“Who ordered the Super Grits?” the waitress says as she delivers our dinners. I expect her to add, “Y’all done come from somewhere else?” but she’s too busy for small talk. The bayside restaurant in Apalachicola, Florida is jammed.
My husband and my friend Becca raise their hands. “Right here,” they say.
“Alrighty,” she says. “And how about the crab cake?”
“That’s me,” I say, taking the plate. God, this looks delicious.
“Gumbo and oysters on the half-shell?” she says, pronouncing oysters as"oh-sters".
Sean takes both plates.
“Shrimp basket?” she asks, holding it aloft.
“Right here,” Sue says, smiling.
“And the grouper,” she says, setting down the basket in front of Becca’s husband, John.
I’m in the Florida panhandle with my family for spring break (though I haven't yet run into former Evanstonian Richard Schulte). We’re in a rented house on Cape San Blas with two other families from Evanston. If you’re counting, we’ve got three cars, six adults, seven children, seven full baths, two half baths, seven bedrooms, six balconies and one elevator (yes, an elevator, which travels from the ground floor to the third floor). Not bad for a rental, eh? Four other families from Evanston have also rented homes within four miles of this one, so throw 11 more kids into the mix.
Never in my life have I stayed in such a grand home. The kitchen is professional -- the décor a perfect combination of Restoration Hardware, Pottery Barn, and someone else’s attention to every detail. The bed Mike and I sleep in, for example, is a carved mahogany with gauzy, white curtains surrounding every side. It feels very Out Of Africa-like. There’s even a telephone in the elevator, just in case we get stuck somewhere between the ground floor and the third level (where the kids have their own living room, complete with a TV, game table, loft area, and balcony). We’ve only afforded this type of luxury because it’s split between three families.
Many of our friends have opted for a staycation this spring break, and we might have, too, had it not been for this group’s willingness to drive 20 hours with us to this little stretch of heaven. Colorful houses dot the shoreline for miles, many of them as enormous as ours. As my friend Sean said the other day while pointing to house after house along the beach, “A recession… a collapsed housing market… and here’s our silver lining…” suggesting that most of these houses are, figuratively speaking, underwater and willing to open up to renters like us.
Growing up, beachfront homes like this weren’t ever something I spent time in -- let alone visited. A house like this was the stuff of movies, and the people who owned them were gazillionaires who didn’t think twice about visiting less than twice a year. Yet here I am, with my closest group of friends, playing house for a week as if we live here.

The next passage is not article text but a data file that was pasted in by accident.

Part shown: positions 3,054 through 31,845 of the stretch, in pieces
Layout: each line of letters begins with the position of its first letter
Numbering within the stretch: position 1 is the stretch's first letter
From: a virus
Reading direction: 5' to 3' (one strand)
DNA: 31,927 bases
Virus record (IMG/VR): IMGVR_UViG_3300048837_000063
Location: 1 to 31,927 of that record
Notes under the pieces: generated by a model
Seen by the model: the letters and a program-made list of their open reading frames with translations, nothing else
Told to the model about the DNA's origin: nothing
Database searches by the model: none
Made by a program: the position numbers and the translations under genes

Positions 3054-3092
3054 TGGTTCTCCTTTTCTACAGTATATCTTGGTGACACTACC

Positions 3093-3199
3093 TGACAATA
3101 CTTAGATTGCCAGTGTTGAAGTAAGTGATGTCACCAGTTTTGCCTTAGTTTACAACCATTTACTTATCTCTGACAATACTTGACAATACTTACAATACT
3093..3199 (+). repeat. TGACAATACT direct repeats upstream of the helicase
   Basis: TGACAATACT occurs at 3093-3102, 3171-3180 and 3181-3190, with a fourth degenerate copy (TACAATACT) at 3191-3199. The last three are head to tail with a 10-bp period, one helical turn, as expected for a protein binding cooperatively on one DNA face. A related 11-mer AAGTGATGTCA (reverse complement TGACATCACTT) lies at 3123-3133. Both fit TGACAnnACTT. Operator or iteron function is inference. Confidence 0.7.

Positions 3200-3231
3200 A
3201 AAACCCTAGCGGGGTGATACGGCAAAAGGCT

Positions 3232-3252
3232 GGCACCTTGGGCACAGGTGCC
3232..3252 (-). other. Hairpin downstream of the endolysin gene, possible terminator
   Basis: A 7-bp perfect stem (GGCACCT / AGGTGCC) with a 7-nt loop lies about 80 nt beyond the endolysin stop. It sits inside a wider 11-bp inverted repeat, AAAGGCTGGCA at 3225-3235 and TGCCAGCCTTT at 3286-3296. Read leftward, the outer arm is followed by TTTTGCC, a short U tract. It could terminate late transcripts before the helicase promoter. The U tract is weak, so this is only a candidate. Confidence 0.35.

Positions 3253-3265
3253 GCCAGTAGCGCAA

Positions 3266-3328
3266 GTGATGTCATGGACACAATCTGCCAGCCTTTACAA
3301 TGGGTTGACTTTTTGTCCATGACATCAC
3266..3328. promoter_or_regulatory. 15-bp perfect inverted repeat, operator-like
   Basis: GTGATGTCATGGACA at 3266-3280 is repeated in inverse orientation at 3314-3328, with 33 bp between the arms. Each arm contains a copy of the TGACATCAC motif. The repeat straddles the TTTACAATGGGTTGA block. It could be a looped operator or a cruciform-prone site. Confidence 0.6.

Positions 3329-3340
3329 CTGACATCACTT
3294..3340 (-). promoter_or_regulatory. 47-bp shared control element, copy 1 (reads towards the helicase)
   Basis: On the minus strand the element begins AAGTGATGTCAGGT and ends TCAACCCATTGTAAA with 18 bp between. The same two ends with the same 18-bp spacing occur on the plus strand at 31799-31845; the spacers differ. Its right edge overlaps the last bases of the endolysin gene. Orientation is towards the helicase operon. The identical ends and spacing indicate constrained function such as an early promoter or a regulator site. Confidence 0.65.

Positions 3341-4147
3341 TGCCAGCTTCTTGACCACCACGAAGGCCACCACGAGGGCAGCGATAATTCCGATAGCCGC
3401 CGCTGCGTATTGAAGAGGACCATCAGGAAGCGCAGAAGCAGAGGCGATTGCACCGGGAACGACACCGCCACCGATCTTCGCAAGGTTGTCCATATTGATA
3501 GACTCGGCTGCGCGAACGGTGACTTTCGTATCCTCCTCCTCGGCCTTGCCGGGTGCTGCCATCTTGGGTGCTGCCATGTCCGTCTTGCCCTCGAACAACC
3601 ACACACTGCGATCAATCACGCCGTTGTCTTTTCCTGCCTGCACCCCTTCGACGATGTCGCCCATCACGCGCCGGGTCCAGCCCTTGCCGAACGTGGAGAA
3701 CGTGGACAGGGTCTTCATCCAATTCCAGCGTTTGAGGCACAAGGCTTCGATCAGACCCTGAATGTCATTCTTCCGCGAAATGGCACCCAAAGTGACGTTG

We’ve visited the nearby Piggly Wiggly grocery store for provisions. Ordered takeout Chinese as if it’s just another night on Cape San Blas. We’ve washed our clothes in the laundry room, grilled grouper on the Weber in the driveway, talked to locals reeling in sharks and stingrays right off the beach. and sat on beach chairs on the squeaky white Gulf of Mexico sand 100 yards off the back of the house.
St. Joseph Bay lies just two blocks from the front door on the opposite side of the house. The closest town, Port St. Joe, where the Piggly Wiggly is located, has several little shops and a plethora of shuttered businesses. Economically, Apalachicola -- where we dined tonight -- seems slightly more intact than Port St. Joe.
As the six of us adults enjoy our fresh seafood and each other’s company, our dinner conversation pauses multiple times throughout the meal: gulls screech from the harbor; one child points out a pelican; another asks for directions to the bathroom; one holds up her hush-puppy and asks, “Can someone tell me what this is?” As the meal winds down and the waitress hands us our check, we offer three credit cards and request the bill split three ways.
Arriving back at our rented house, we go about what’s become our evening routine: straighten up, tell the kids to find their pajamas, light a fire on the beach, make some s’mores, then assess which kids are “done” for the evening. After the fire, teeth are brushed, bedtime kisses offered, and final warnings about turning off devices are given. The adults gather for an hour or so on the moonlit deck, swapping parenting stories, learning tidbits about each other and our histories -- some new and some repeated for the umpteenth time. We talk about everything except the day we’ll need to pack up and head back home. We hold on to this suspended reality, knowing it will have to come to an end so the next group of renters can inhabit the space.
I’m acutely aware how lucky I am to have found a group of friends willing to share space and time and parenting responsibilities with my family and me. None of us are perfect and none of us are monsters. We’re all just trying our best. Sometimes it’s harder than others, but a week with other families proves how challenging and rewarding family life can be. When a brief storm rolls through and the youngest kids grow weary of each other, tension rises throughout the house: no matter how many balconies, bedrooms or cars we have, the only true foundation we have is our humanity. A week together in this way reminds me of the gifts and challenges each child brings into our lives, and that for every struggle there is a memory to cherish.